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Artist’s AI facial recognition project tracks Instagram users in real life via selfies




Next time you’re posing for an Instagram photo in public, don’t forget to also smile at the many surveillance cameras in the area. Perhaps the “subordinate” was watching.

Artist based in Belgium dries deporterAffiliate’s latest project reveals how often people are monitored in public. And all he needed to track his social media targets in real life was a picture he posted on his Meta-Mail Instagram account.

“One day I saw someone taking pictures for about 20 minutes and I was trying to find the picture on Instagram a day later to no avail,” Deporter told Mashable. Then I started building [artificial intelligence] software.”

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Thanks to the facial recognition software created by Depoorter and footage from open cameras broadcasting live in public places from around the world, the artist was able to find video for Instagrammers plan To take a picture they later posted on the social media platform. It’s an interesting look at what goes on behind the scenes of an Instagram photo curation. And most importantly, it shows how much information can be pulled from an image posted on the Internet.

The open cameras Depoorter is using for this project are available to anyone anywhere to view them at any time on websites like EarthCam. These cameras are filming people in public places around the world, seemingly without the knowledge of those being broadcast.

projects Results A reminder that there is a good chance that you will be registered when you are in a public place. It also highlights the amount of information we unknowingly give away about our lives when we engage in social media.

In one Instagram photo, for example, a woman in a long jacket holds her white handbag and looks behind her as she stands in front of The Temple Bar in Dublin, Ireland. Depoorter was able to find a video of the woman in the photo as she took the photo via an open surveillance camera floating above the street and pointing to the street corner where The Temple Bar sits.

In another photo, two young men pose for an Instagram photo in Times Square, New York City. Depoorter was able to find a video of them walking down the street to their photographer to take the photo via a camera streaming from the top of Times Square.

Seeing these types of Instagram users getting ready to snap their perfect pics is what inspired Depoorter to create “The Follower” in the first place. Although, he admits, tracking these Instagrammers wasn’t as simple as sitting back and letting his AI program search open camera footage of a match.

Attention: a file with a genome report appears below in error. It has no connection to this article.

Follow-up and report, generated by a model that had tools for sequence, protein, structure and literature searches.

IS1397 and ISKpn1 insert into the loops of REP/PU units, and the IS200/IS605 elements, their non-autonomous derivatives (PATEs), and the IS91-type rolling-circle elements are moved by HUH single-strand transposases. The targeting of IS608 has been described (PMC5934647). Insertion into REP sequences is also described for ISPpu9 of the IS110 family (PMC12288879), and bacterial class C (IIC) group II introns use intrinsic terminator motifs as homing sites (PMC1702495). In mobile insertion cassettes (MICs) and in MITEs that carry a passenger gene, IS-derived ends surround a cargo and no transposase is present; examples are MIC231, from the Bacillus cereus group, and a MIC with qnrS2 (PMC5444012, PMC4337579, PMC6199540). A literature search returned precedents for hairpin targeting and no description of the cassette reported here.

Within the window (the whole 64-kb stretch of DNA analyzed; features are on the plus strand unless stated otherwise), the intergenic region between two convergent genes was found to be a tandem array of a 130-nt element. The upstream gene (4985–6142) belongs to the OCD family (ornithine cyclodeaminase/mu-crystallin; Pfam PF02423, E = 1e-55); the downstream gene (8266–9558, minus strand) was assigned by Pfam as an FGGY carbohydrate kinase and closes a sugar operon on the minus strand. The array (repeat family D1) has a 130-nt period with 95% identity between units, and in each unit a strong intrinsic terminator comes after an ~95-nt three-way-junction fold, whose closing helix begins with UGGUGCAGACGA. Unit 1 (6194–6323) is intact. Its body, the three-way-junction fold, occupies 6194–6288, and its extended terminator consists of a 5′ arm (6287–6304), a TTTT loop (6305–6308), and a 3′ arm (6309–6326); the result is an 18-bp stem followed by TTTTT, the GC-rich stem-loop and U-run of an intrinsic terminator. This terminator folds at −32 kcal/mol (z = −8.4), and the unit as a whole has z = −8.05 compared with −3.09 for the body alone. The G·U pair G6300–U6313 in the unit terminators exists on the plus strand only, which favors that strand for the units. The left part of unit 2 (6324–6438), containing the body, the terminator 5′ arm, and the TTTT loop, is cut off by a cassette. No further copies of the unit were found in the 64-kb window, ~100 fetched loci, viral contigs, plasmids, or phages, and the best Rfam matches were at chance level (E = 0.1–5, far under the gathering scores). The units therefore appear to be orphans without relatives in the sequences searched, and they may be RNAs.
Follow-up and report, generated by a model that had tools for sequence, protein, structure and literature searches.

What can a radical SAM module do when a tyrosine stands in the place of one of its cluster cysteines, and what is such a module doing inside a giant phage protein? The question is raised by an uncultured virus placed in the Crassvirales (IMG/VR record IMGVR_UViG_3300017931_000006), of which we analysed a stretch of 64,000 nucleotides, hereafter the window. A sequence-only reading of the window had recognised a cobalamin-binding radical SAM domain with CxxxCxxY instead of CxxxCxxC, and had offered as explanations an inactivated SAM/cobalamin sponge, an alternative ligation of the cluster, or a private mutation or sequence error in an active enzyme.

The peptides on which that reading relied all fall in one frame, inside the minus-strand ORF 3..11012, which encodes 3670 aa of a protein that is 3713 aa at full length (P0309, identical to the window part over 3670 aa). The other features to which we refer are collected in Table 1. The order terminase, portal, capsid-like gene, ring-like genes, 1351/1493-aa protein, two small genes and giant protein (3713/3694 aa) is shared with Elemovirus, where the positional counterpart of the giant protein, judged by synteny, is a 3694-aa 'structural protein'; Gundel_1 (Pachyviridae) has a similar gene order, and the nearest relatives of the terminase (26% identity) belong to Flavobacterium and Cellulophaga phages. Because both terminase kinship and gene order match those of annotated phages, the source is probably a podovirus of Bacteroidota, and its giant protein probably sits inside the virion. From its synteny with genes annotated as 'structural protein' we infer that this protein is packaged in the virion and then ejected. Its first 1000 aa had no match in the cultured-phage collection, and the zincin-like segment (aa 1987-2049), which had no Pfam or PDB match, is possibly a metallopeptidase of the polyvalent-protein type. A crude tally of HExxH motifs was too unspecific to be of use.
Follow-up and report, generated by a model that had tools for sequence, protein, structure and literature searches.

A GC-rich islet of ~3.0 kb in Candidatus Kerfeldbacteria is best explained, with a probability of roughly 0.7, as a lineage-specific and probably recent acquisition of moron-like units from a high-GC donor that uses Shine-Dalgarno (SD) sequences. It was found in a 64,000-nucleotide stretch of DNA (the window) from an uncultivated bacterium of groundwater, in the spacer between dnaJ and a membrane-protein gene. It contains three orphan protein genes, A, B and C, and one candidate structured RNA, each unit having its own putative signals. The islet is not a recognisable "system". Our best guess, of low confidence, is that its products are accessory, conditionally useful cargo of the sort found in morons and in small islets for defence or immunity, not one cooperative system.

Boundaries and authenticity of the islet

“Finding the people in the videos,” Deporter said. “It was very difficult.”

While “The Follower” is a new piece from Depoorter, the artist has been making art projects using open cameras for years. For example, in 2018, he launched the “Jaywalking Frames” project. Using “unprotected surveillance cameras and custom software,” Depoorter captured footage of people roaming the streets in cities around the world.

Another project launched last year, “The Flemish Scrollers,” used artificial intelligence software to track live broadcasts of Belgian politicians at meetings of the Flemish Parliament. AI will search for politicians using their smartphones to stream live video, Tag it automatically via TwitterAnd we invite them because they are distracted.

As precarious as Depoorter-run AI-powered art projects that monitor Instagrammers or politicians in live broadcasts, they may be. nothing on the kind of surveillance that governments or big tech companies could use to track him, you, or anyone else.

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For example, the infamous facial recognition company, Clearview AI, has made headlines in recent years for its fearsome ability to find and track individuals based on its database of tens of billions of public images taken from the web. The company sold its services to law enforcement across the country.

“In all my work, I try to show the dangers of new technology,” Deporter said. “I’m just one person with limited access to data and cameras. Just imagine what the government or private organizations could do.”

The Follower offers an important reminder to all of us in this digital age: Assume that you are being watched any time.



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